If any of that sounds familiar to you from decades ago…well, it’s the old made new again.  “Wellness” is a modern re-purposing of practices and ideologies that have been around for a very long time, many of which have permeated even Christian culture in surprising ways.  (For a history of this with an emphasis on how it influences Christianity, check out L.L. Martin’s book Positively Powerless).  The difference between then and now is that wellness has become more of an economic juggernaut than ever before: hundreds of “gurus” and “thought leaders” are offering products and philosophies and making an obscene amount of money doing it.

The problem is that lately I’ve found Christianity and the wellness movement intersecting in ways I don’t expect.  I ran across an article the other day that was advocating daily Bible study as a “path to self-fullness and embracing one’s healing energy.”  And in my browsing through Pinterest recently I discovered a Pin that encouraged believers to read the Bible as a series of “affirmations meant to celebrate the divine self.”  I’ve glimpsed prayer rooms (“war rooms”) decked out like spa retreats (and, indeed, I’ve written about those before) and meant to provide a “shelter” from the harrowing day-to-day.  Art and coloring Bibles encourage believers to express themselves in marker, pencil, and crayon all over the Word with pictures and words that occasionally obscure the actual text: the Bible as therapeutic coloring book.

Now, certainly not all of these things are negative in specific contexts.  I like to pray in pretty rooms full of my favorite things.  And I’ve written in my Bible before and I’ve even seen examples of Bible “doodling”/coloring helping people to understand and emphasize the text. But in other contexts, these practices can at times resemble what you see in the wellness movement, and here is why:

The “wellness” movement places a fundamental emphasis on self and the fulfillment of the self through “holistic” and “spiritual” means.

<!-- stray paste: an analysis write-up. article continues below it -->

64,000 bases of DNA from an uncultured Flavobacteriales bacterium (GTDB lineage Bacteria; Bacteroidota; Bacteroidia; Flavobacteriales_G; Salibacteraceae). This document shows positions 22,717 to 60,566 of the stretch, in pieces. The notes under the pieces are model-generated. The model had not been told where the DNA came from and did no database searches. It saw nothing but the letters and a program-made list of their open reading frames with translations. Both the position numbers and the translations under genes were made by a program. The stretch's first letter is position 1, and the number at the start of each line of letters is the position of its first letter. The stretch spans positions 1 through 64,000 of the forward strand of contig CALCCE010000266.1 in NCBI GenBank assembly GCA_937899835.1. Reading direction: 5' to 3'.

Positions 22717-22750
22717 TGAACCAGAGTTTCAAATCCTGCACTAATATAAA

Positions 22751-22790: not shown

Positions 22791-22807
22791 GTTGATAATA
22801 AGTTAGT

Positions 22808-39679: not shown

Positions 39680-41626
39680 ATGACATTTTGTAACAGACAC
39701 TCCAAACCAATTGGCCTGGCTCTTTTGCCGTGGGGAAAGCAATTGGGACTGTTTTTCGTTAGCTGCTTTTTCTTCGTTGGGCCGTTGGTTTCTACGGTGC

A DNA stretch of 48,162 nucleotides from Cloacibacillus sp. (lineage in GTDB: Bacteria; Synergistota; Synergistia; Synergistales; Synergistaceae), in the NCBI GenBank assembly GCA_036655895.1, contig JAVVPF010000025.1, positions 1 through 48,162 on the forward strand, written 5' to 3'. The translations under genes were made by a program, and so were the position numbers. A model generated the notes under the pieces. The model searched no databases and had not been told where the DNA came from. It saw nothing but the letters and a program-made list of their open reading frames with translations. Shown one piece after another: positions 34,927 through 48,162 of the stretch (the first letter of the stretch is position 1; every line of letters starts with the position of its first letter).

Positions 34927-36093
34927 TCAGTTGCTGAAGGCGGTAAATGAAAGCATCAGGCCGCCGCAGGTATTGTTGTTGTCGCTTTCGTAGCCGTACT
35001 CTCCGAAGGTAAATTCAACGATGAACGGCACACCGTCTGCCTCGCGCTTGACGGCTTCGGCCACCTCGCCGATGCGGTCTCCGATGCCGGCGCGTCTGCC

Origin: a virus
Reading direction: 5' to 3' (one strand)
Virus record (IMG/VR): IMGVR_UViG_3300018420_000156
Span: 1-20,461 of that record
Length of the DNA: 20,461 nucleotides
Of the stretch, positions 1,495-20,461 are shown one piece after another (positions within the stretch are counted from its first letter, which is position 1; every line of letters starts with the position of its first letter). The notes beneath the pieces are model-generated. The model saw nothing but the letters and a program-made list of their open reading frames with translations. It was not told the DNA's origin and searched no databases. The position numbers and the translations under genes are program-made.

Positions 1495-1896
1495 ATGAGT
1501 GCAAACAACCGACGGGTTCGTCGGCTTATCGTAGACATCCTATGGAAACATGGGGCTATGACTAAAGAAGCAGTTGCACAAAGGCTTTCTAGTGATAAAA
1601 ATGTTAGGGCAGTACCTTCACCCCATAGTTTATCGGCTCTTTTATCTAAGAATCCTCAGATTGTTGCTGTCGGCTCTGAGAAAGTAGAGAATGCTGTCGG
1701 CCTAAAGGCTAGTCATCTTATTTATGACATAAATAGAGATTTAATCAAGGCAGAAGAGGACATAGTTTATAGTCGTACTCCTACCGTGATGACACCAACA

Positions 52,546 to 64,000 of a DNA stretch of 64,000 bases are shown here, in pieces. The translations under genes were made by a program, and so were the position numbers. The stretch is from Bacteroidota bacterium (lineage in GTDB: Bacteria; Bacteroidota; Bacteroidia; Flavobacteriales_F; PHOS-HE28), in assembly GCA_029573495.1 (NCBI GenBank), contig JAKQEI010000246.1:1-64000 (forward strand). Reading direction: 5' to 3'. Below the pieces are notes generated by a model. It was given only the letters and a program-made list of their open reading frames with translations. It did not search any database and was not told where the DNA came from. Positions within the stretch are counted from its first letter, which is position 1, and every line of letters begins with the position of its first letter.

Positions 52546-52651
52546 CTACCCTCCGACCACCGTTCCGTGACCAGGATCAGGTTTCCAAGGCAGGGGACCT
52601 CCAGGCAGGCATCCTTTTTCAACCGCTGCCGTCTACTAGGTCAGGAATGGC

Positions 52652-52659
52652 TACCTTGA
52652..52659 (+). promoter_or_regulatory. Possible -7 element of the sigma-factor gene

In other words, wellness is about you.  Everything that happens is to benefit you.  Every practice, every crystal, every coloring book, every affirmation, every supplement: they all exist because you are special and sacred and you deserve everything wonderful.  You are your own god/goddess.  The result is that at least theoretically, in the wellness movement, everything is a means to an end: the betterment and deification of you.

Any time we take a Christian spiritual practice and make it solely about our own benefit – any time we use a Christian practice to deify ourselves as sacred and holy – we’ve dipped into the wellness pool.  More simply put: any time we use God as a means to our own end, any time we make God a “tool” that serves the same purpose as a crystal or a supplement or a coloring book – we’ve lost the plot.

Because Christianity is not about self.  It is actually a faith about setting yourself aside in order to love others because you’ve come to understand the love of Christ.  As Christians we believe that Jesus is special and sacred and the embodiment of love, and so we set ourselves aside to serve Him.  In Christianity, everything we do is a means to an end, and that end is Christ – not the self.  Yes, we are the ultimate beneficiaries of a relationship with God – and, in the end, our relationship with Him is what offers the fulfillment, joy, and replenishment that the wellness movement purports to offer.  But our satisfaction, our desires, and the glorification of our selves is not the end goal.  It is not the highest good nor the inviolable sacred.  It can’t be, or God isn’t God.